Studies in Book and Print Culture


Book history has proven to be an exciting and dynamic meeting ground for a range of ideas and methodological approaches. Historians, literary scholars, librarians, bibliographers, and others have all begun to discuss the historical circumstances of literary production and reception, examining not only those who wrote and read, but those who produced, distributed, and sold books and print materials, as well as the physical objects themselves. Studies in Book and Print Culture is international and interdisciplinary in scope. The series includes studies of literary history, historical bibliography, textual editing, studies of authorship and publishing, and analyses of reading, literacy, and print culture.

General Editor: Leslie Howsam, Department of History, University of Windsor
Advisory Board: James Raven, Faculty of Modern History, Oxford University Sydney Shep, Wai-te-ata Press, Victoria University of Wellington, New Zealand

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Elizabethan Book Publishing and the Makings of Literary Culture
Elizabethan Book Publishing and the Makings of Literary Culture
By Kirk Melnikoff

Outlining the full range of practises that publishers performed, including the acquisition of copy and titles, compiling, alteration to texts, and reissuing, Elizabethan Publishing and the Makings of Literary Culture considers links between the book trade and the literary culture of Elizabethan England.

Available Mar 2018
American Little Magazines of the Fin de Siecle: Art, Protest, and Cultural Transformation
American Little Magazines of the Fin de Siecle: Art, Protest, and Cultural Transformation
By Kirsten MacLeod

In American Little Magazines of the Fin de Siecle, Kirsten MacLeod examines the rise of a new print media form – the little magazine – and its relationship to the transformation of American cultural life at the turn of the twentieth century.

Available Jan 2018
The Prison of Love: Romance, Translation, and the Book in the Sixteenth Century
The Prison of Love: Romance, Translation, and the Book in the Sixteenth Century
By Emily C. Francomano

In The Prison of Love, Emily Francomano offers the first comparative study of this sixteenth-century work as a transcultural, humanist fiction.

Available Dec 2017
Victorian Jesus: J.R. Seeley, Religion, and the Cultural Significance of Anonymity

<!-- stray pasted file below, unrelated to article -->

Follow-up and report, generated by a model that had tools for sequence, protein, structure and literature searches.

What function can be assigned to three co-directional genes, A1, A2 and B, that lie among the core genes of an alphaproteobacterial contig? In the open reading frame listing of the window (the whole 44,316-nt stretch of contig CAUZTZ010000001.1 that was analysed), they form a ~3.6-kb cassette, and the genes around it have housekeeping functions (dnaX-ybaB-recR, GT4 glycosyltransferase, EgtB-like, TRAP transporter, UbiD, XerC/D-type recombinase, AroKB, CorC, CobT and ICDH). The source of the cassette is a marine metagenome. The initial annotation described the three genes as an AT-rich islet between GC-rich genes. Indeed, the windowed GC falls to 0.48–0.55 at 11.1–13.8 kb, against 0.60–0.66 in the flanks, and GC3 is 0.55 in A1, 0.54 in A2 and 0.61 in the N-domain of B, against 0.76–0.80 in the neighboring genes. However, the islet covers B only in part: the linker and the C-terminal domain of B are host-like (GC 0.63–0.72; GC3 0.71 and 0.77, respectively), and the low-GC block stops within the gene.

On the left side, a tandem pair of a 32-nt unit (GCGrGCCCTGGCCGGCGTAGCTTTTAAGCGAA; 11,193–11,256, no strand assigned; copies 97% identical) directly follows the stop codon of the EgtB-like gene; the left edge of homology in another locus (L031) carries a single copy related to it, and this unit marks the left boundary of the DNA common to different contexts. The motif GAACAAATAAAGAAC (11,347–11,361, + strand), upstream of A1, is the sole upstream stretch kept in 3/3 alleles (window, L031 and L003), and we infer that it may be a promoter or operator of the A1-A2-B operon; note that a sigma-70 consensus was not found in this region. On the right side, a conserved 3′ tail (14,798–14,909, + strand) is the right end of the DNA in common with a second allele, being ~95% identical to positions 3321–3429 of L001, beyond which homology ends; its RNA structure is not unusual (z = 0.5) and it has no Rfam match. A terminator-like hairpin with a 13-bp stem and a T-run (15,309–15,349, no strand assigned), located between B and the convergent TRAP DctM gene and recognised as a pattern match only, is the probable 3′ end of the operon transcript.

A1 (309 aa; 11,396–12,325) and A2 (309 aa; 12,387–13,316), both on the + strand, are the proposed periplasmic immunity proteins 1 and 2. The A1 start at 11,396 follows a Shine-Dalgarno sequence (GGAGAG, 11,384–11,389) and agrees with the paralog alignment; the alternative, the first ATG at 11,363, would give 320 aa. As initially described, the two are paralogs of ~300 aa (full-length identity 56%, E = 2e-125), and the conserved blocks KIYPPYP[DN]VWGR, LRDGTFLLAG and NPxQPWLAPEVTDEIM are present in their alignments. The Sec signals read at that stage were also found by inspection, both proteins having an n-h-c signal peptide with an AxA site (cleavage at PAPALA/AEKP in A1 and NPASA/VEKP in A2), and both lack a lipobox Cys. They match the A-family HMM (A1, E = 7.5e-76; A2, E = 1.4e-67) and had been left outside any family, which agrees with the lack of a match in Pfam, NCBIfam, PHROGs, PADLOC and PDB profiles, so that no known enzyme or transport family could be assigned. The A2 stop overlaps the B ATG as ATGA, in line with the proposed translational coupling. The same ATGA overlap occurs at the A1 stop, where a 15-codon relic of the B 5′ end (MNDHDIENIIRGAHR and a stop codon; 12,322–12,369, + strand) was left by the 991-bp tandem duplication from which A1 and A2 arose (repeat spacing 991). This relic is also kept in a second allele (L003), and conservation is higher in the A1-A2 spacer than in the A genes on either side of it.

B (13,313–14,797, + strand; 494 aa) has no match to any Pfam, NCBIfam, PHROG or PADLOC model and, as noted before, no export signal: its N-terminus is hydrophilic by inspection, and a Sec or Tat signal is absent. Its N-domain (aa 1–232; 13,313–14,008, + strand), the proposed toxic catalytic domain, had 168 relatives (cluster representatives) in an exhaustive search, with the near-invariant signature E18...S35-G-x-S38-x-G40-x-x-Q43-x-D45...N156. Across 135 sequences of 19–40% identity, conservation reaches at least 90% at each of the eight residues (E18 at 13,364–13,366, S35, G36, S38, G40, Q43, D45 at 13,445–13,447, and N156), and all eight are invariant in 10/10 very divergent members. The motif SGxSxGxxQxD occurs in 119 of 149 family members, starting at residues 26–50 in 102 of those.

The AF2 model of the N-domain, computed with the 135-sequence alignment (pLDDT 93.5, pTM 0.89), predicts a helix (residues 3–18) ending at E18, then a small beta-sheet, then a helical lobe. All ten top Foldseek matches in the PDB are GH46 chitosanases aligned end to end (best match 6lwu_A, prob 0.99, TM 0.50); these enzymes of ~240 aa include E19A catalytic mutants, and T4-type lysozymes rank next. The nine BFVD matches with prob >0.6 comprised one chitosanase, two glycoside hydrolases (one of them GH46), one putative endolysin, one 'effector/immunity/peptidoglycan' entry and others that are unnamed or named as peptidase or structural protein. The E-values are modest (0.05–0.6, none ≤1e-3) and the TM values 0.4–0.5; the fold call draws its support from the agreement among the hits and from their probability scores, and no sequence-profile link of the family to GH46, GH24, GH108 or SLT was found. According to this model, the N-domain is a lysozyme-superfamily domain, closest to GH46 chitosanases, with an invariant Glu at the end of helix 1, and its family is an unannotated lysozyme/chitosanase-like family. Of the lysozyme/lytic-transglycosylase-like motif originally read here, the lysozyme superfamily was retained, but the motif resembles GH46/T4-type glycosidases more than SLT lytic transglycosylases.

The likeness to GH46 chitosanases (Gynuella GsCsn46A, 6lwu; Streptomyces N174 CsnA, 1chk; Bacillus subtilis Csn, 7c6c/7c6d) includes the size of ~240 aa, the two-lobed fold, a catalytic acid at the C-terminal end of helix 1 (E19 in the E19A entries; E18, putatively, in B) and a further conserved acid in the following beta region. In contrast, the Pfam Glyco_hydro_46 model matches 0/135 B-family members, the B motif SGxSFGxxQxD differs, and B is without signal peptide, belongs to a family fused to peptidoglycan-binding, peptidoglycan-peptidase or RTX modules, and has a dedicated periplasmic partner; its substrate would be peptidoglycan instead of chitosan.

Victorian Jesus: J.R. Seeley, Religion, and the Cultural Significance of Anonymity
By Ian Hesketh

Victorian Jesus explores the relationship between historian J. R. Seeley and his publisher Alexander Macmillan as they sought to keep Seeley’s authorship a secret while also trying to exploit the public interest.

Available Nov 2017
Preserving on Paper: Seventeenth-Century Englishwomen's Receipt Books
Preserving on Paper: Seventeenth-Century Englishwomen's Receipt Books
Edited by Kristine Kowalchuk
Preserving on Paper is a critical edition of three seventeenth-century receipt books–handwritten manuals that included a combination of culinary recipes, medical remedies, and household tips which documented the work of women at home.
Published Jun 2017
Print Culture Histories Beyond the Metropolis
Print Culture Histories Beyond the Metropolis
Edited by James J. Connolly, Patrick Collier, Frank Felsenstein, Kenneth R. Hall, and Robert G. Hall

Print Culture Histories Beyond the Metropolis focuses attention to how the residents of smaller cities, provincial districts, rural settings, and colonial outposts have produced, disseminated, and read print materials.

Published Mar 2016
New Canadian Library: The Ross-McClelland Years, 1952-1978
New Canadian Library: The Ross-McClelland Years, 1952-1978
By Janet Friskney

To place the New Canadian Library in its proper historical context, Friskney examines the simultaneous development of Canadian literary studies as a legitimate area of research and teaching in academe and acknowledges the NCL as a milestone in Canadian publishing history.

Published Apr 2015
Bookrolls and Scribes in Oxyrhynchus
Bookrolls and Scribes in Oxyrhynchus
By William A. Johnson

Close analysis of formal and conventional features of the bookrolls not only provides detailed information on the bookroll industry- but also, in turn, suggests some intriguing questions and provisional answers about the ways in which the use and function of the bookroll among ancient readers may differ from modern or medieval practice.

Published Oct 2013
The New Bibliopolis: French Book Collectors and the Culture of Print, 1880-1914
The New Bibliopolis: French Book Collectors and the Culture of Print, 1880-1914
By Willa Z. Silverman

The New Bibliopolis is an important contribution to the study of book history, French sociocultural history, and fine and decorative arts.

Published May 2013
The Hidden History of South Africa's Book and Reading Cultures
The Hidden History of South Africa's Book and Reading Cultures
By Archie L. Dick

Through this innovative methodology, Dick aptly shows how South African readers used reading and books to resist unjust regimes and build community across South Africa's class and racial barriers.

Published Mar 2013